HORSEFALL... AND WORSE
Dreamed 1997/5/16 by Chris Wayan
I'm in San Francisco, up in wealthy Pacific Heights, looking down on the Marina. It's changed: out on the Yacht Harbor breakwater, near the Wave Organ, there used to be a tiny lighthouse. Now a round tower rises 250-300 meters, needle-thin, with a raised disk or terrace around its base, almost like a falling water-drop frozen in splash-back. A billionaire built it recently. Around it loops a cablecar track; it's a transit extension he personally built and donated to the City. Literally self-serving: no other transit line came out here, and few others live along the line.
He stages an opening ceremony for his new tower. He has a beautiful white horse taken up into the tower, in the elevator. Up top, a fanfare. The horse is supposed to parade around the parapet, symbolizing something in the City's history. But the horse is afraid of heights, gets dizzy, and panics. Runs blindly and leaps over the edge. Long seconds as the whole town hears the horse scream, and then hit the water in a terrible impact.
The rite was meant to augur good relations between billionaire and city, and unfortunately, it IS prophetic. The billionaire turns troubled and reclusive, then angry toward city government, especially the transit district. Feuding. Within a month he's in such a snit he declares a one-man transit strike! Pulls out all his subsidies and pressures all his subcontractors--ties up half the city's services. He'll show them who owns this town!
I hope mayor Willie Brown has the strength to face just how socially harmful his rich buddies have gotten, and kick them out, the way way Emperor Mahmoud kicked out the corrupt Janissaries. But I don't think Willie has the guts.
Social unrest spreads. The trickle-down theory in action! As above, so below...
On my block, a group of young men go around emulating Columbus. "We've discovered your house. Move your stuff out." They plant a flag and your house is theirs--by right of discovery. And why not? The big boys steal and cheat and blackmail and run right over us. And pundits ask why the young don't have heroes! They do: thugs. Since we're led by thugs.
I admit my neighborhood's rough. I have a friend who's a big guy, but when he learned my address, his voice shook: "You live ALL THE WAY out by the Bay?" Appalled at me. Almost, well, impressed. The road leads down to the water, but the last hundred yards is such a rough sailors' district, few outsiders dare to enter, even in daylight. I don't live down by the water, just on the zone's edge. But I do shop there, have friends there. No worse than the rich, really. Dockside crimes are passion-based and immediate... and small. Rich thugs are the ones to fear!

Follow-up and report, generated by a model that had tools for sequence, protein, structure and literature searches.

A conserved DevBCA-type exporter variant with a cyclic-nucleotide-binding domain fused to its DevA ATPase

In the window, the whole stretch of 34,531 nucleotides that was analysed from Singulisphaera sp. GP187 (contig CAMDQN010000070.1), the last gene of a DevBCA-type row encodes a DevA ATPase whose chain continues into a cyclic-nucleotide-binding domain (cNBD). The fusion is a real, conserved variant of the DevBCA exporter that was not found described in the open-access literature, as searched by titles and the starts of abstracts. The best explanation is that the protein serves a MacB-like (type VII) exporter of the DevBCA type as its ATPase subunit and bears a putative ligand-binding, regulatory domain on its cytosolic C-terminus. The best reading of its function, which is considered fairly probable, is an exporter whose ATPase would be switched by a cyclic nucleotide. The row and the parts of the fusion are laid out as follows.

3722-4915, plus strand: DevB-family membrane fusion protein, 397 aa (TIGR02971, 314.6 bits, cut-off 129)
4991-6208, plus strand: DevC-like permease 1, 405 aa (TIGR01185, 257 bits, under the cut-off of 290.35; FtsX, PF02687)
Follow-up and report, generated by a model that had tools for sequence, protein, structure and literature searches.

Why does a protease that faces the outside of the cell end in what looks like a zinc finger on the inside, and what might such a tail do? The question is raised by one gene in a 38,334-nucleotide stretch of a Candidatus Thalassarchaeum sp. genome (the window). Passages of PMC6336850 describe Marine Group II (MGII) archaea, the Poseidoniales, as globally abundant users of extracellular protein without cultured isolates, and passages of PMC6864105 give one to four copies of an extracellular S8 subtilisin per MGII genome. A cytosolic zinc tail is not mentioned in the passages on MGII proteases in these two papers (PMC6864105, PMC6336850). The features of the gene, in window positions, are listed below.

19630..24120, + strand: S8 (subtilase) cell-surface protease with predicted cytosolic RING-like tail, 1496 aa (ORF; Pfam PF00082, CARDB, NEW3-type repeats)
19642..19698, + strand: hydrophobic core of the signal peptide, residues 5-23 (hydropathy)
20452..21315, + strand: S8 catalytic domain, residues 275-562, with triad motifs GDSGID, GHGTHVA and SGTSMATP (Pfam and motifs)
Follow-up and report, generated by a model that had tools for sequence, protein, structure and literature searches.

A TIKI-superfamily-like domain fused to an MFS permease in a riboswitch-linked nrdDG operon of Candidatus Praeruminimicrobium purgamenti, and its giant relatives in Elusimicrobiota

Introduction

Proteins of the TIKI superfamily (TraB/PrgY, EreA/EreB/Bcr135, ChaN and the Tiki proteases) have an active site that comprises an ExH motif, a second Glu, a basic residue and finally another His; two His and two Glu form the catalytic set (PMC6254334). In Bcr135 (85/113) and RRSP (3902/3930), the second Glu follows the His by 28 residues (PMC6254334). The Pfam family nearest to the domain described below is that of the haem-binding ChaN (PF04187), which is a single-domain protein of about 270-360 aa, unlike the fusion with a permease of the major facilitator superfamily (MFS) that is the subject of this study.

One evening I lead my big friend through the zone out onto a pier, to visit a guy who lives on a houseboat. It's dusk. Brilliant magenta. But as soon as my friend emerges on deck to greet us, the color of the sunset adjusts as if someone's playing with TV controls. Pales from lurid sunset to a mild twilight in seconds. The air's glass-clear, though, and in the low light we can see every detail of kids in small boats off the beach to the north. How they dance and leap, flinging their long hair and big shaggy tails. Horse or fox children, not human. Magic dancing... I muse "Life wants to dance, if we can just give the kids room to!" For a moment it seems peaceful. Possible.
East across the Bay, a big ship is silhouetted against the rising sun. The rising sun? I thought this was dusk! Is this a false dawn or a true?
Peering into the glare more closely, I see the carrier has the masts and sails of a pirate ship. THE Pirate, I should say. I've heard bad things about him. I can respect an honest pirate, especially one who robs from the robber barons... but he's one too. A crooked crook.
The air's extraordinarily clear, yet I scent a trace of smoke already. It's not peace. It's just the still moment at dawn--before it all begins.
I just hope the whole city won't burn in the coming struggle. Poor against rich, and rich against... well, everyone.
NOTES IN THE MORNING
In 1997, the dream's bitter tone--the slums, the billionaires, the hints of war--merely startled me. Sure, there was corruption; but life was still tolerable for most people under Clinton.
Tell me the dream was wrong.
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